Puerto Rico is neither a nation nor a state: it is a colony where 3.5m American citizens without federal representation languish while local politicians prefer to debate the island’s political status – whether we should be a commonwealth, a state or an independent country – rather than address a starker reality: the island is poor, its population is ageing and its young people are leaving.
And now those poor, ageing people are going to be asked to pay off an enormous debt incurred by their political leaders too lazy or too incompetent to have made forward-thinking political decisions for more than a generation.
For local politicians to directly blame the island’s $72bn “unpayable” – and yet coming-due – debt solely on US economic policy is not a good enough explanation: every colonial master needs an accomplice, and Puerto Rico’s political class has served their masters well.
Jay Fonseca, a noted Puerto Rican political commentator, posted a chart from Carribean Business which shows that from 1949-2014 – the period during which Puerto Rico was afforded a measure of self-rule through their governors – the island’s accumulated debt grew from $910m to $78bn. (It’s now slightly greater than the island’s total GNP.)
Spending and borrowing were always part of the island’s political culture, and Wall Street banks were always more than happy to lend. But having borrowed too much for decades, having spent just as much, having American companies leave after tax incentives expired in 2006, getting hit by the Great Recession and still borrowing more money from Wall Street, no one should be surprised that Puerto Rico is teetering on the brink of financial ruin and draconian austerity measures.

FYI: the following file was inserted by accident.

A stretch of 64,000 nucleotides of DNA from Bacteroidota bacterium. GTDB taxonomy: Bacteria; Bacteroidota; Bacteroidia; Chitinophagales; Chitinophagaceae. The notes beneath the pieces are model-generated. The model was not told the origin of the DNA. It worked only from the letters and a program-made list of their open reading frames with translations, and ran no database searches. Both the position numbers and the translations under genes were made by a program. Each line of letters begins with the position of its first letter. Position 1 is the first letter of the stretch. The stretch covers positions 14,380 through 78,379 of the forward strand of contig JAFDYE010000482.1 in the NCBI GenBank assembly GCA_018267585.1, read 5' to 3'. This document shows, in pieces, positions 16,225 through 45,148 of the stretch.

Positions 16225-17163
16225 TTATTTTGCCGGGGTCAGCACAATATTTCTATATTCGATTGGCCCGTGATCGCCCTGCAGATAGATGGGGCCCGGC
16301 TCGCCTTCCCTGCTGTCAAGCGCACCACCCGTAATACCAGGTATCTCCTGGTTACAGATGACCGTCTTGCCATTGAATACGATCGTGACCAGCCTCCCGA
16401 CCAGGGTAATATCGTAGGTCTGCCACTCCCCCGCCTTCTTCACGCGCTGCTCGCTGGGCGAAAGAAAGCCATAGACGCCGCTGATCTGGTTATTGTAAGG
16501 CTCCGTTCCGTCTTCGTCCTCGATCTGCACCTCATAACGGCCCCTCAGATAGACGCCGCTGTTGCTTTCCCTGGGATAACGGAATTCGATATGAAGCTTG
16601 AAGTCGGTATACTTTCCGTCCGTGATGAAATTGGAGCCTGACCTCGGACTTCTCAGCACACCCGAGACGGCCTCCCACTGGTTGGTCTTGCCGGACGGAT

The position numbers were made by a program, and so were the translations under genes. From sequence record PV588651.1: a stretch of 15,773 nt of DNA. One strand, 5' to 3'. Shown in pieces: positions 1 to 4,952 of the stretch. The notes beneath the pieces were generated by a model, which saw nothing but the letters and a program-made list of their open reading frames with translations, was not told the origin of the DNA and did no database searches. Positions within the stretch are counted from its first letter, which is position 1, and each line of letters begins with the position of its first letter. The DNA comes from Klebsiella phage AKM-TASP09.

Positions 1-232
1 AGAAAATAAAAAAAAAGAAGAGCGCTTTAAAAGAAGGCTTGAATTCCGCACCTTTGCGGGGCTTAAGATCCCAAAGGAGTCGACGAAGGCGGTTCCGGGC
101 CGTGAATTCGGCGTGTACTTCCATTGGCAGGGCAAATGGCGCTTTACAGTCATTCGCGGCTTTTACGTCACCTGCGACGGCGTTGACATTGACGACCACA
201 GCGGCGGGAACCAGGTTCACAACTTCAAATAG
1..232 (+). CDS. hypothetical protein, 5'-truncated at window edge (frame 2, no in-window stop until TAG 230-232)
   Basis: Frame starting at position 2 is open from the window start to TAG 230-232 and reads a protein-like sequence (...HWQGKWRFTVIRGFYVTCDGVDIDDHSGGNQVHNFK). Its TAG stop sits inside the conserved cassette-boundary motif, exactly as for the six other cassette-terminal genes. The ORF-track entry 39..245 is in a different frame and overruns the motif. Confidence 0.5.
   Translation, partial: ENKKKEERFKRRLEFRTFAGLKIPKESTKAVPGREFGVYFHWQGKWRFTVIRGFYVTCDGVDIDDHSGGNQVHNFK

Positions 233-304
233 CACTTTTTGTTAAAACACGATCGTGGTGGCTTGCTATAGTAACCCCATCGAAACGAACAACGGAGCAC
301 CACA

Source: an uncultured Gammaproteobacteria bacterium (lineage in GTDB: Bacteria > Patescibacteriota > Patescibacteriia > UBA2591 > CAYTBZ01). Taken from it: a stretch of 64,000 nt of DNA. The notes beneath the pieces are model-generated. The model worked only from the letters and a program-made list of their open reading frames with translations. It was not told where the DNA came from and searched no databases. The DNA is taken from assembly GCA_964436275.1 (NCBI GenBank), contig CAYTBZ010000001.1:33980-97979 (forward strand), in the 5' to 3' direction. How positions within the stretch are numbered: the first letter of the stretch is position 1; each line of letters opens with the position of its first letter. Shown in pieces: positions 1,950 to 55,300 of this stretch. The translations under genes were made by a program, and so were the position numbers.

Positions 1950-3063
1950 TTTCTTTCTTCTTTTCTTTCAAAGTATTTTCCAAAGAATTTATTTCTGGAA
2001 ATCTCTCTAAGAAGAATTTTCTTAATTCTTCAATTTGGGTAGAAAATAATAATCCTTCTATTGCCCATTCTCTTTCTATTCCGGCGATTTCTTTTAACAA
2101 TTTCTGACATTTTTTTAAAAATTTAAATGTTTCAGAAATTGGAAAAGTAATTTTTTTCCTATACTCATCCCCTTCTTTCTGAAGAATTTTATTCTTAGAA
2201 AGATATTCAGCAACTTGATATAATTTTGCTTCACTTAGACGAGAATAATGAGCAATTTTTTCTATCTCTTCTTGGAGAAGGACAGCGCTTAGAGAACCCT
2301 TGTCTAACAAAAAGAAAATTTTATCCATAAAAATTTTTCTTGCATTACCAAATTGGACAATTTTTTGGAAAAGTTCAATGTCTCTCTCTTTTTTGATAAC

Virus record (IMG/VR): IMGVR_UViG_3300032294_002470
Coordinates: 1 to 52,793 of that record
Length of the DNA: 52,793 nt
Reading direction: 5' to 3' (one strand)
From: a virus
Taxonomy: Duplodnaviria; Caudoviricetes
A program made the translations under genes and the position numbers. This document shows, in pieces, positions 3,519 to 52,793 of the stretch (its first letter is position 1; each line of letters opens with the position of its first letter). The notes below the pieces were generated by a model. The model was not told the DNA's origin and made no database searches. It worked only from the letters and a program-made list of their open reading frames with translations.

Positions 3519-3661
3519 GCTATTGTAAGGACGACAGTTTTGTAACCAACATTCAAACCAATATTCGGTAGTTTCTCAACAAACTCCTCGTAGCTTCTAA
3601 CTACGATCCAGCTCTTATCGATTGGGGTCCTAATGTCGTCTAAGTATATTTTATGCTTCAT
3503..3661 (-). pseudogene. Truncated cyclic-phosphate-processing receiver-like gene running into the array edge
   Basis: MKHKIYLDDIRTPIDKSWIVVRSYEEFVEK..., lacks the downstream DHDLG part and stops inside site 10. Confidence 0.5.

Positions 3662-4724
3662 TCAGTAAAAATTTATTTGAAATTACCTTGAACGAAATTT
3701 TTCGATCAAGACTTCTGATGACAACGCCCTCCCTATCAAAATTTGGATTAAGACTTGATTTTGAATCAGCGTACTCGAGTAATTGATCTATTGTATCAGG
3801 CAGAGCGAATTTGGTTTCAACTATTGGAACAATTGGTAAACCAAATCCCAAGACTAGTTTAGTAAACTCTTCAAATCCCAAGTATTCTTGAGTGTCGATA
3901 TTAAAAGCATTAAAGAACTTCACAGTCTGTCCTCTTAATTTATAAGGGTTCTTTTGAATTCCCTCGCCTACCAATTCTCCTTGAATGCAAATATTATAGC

Wall Street firms have already made $1.4bn in fees off of the 86 bond deals Puerto Rico executed to avoid tackling its massive debt problems between 2006 and 2013; firms continued to lend Puerto Rico money despite the risks of a default precisely for the massive profits. But how do you think these firms got the access to sell Puerto Rico a bad deal in the first place? The island’s political class.
Earlier this month, a lawsuit by the island’s Centro de Periodismo Investigativo revealed that more than 30 hedge funds are now involved in the island’s debt restructuring. And, if you think loan sharking is unjust, hedge funds are just legalized loan sharking: Puerto Rico could conceivably get the money it needs to pay off this set of debts, but the fees it will need to pay and the ownership interest in the government’s resources that Puerto Ricans will have to give up will keep the island dependent on hedge fund managers for decades to come. But hedge fund managers have no interest in solving Puerto Rico’s social problems; they simply have an interest in making money – a lot of money – off of them. These are the people the island’s political class has brought it to “rescue” Puerto Rico.
The island’s political leaders are fully aware that getting the money from hedge funds rather than reform will simply further mortgage the island’s future – as are the former politicians now in the private sector – but they don’t want the rest of the world to know from where the money is coming. This modicum of transparency would lead to demands for more transparency and honesty, traits rarely seen in the politics on the Isle of Enchantment.